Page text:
Presently, with the wide open space of the Internet, one can create any form of music without editorial. We can consume music from any direction. The latest rise in music has been in control of type and quality. Sites such as Pandora, Lastfm, and theSixtyone all aim towards directing attention to those works best suited for the individual listener.
A Limit to Creativity?
<blockquote> “I have heard several people who are of the opinion that music and creativity has maxed out because there is only so much you can do and it’s all been done. Is music like a natural resource? Can it be depleted? If so, can it grow back? If it can, we need to start some music cultivation farms (oh wait, they used to be called major labels).” </blockquote> <blockquote>"It’s harder to be original and it’s harder to stand out"</blockquote>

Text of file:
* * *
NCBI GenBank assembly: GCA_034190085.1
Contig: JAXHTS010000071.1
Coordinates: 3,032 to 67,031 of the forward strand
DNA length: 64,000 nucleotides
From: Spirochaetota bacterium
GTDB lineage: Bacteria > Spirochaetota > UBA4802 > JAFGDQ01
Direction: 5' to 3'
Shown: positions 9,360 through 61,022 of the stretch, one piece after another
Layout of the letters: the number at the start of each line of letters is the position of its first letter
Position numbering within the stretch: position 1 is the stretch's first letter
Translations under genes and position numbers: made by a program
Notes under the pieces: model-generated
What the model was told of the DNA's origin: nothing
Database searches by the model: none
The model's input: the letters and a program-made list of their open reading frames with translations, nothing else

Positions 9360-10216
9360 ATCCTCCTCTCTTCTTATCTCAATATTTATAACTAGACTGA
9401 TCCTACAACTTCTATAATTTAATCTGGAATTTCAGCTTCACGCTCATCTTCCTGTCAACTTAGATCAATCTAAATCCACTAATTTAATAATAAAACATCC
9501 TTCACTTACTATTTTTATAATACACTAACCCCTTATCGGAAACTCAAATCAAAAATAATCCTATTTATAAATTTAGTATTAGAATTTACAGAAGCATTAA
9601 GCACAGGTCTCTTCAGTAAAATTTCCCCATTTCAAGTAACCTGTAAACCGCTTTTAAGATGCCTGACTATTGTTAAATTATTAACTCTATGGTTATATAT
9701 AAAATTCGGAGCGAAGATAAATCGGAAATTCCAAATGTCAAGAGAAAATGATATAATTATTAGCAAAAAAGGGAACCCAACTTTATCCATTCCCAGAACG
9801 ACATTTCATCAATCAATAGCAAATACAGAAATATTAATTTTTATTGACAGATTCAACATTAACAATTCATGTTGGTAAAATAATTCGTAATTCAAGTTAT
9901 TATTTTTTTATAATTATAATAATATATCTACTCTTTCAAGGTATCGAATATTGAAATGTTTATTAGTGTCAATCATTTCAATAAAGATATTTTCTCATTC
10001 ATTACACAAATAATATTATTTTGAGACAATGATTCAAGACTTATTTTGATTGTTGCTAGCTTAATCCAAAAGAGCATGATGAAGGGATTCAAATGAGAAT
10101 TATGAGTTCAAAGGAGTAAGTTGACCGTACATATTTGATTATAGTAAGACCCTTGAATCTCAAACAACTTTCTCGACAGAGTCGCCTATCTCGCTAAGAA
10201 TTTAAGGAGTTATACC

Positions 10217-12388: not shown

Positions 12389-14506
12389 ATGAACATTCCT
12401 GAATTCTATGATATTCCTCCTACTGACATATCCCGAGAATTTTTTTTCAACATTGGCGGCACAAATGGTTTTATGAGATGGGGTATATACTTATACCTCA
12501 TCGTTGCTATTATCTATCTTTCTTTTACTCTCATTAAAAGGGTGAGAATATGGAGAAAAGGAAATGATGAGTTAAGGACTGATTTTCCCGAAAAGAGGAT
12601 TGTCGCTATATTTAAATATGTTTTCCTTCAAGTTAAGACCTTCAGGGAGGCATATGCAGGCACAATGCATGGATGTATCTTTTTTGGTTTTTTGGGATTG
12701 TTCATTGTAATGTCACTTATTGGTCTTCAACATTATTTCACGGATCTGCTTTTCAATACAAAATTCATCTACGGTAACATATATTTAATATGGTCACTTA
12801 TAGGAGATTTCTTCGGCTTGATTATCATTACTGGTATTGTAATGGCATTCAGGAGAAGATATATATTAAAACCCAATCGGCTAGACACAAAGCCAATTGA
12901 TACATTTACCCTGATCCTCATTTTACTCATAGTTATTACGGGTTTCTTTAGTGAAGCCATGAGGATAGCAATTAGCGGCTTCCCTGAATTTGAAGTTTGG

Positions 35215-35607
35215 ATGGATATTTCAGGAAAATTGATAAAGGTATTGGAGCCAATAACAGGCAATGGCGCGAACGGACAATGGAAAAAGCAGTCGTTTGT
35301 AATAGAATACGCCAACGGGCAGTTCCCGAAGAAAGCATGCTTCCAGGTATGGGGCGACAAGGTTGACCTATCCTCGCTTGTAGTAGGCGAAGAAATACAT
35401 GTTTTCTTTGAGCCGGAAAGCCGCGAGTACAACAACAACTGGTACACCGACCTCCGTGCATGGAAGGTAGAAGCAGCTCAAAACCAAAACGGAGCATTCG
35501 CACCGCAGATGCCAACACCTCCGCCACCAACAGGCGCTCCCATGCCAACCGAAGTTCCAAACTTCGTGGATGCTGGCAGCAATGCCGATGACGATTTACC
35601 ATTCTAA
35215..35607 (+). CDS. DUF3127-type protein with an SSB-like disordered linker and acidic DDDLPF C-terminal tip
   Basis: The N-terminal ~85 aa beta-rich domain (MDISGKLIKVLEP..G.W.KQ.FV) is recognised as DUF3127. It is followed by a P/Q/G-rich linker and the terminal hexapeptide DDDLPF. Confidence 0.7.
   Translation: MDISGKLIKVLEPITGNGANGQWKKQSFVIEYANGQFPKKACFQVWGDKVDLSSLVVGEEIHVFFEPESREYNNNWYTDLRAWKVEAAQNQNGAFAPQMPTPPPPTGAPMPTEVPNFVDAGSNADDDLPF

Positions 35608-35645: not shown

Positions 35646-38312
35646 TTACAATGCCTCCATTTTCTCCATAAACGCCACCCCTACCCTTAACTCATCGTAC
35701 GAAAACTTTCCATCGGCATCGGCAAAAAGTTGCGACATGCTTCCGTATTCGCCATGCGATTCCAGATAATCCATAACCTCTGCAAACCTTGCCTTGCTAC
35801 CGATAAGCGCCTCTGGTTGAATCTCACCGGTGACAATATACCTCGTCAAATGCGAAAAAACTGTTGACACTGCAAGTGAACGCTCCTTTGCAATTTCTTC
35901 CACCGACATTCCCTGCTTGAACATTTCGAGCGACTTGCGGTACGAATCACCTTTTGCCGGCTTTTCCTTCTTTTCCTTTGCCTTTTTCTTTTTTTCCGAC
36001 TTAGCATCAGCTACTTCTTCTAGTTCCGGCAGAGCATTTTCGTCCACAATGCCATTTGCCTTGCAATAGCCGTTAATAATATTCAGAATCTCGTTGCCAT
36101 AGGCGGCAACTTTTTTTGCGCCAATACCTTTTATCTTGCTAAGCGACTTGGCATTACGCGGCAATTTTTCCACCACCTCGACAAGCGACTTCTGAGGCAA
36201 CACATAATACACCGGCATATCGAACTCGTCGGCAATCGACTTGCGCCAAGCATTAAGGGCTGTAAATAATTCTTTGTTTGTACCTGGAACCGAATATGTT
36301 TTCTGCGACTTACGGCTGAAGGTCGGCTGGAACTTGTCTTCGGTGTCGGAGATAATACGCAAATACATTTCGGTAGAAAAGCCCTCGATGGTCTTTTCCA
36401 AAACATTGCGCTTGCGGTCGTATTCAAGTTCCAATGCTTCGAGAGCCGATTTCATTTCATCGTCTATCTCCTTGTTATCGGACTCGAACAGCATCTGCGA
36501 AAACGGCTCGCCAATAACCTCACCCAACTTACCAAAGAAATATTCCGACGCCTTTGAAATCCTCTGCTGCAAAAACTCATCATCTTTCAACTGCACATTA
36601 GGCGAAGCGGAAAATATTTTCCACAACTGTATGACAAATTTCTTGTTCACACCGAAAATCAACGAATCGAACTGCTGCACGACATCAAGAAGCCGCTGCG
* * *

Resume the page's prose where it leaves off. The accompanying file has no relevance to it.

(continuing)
I disagree here. Music, when done well, is a direct expression of self. And, with this, I believe that there are no two people alike. We are each completely unique though we all share somethings that are universal. Improvisation and composition are practices of accessing these aspects of the self in communication with an audience.
As long as this theory holds true, then I believe that strong unique work that communicates on a deep level will continue. Without a doubt, I have heard some amazing music in recent days.
Reduced Time to Produce and Distribute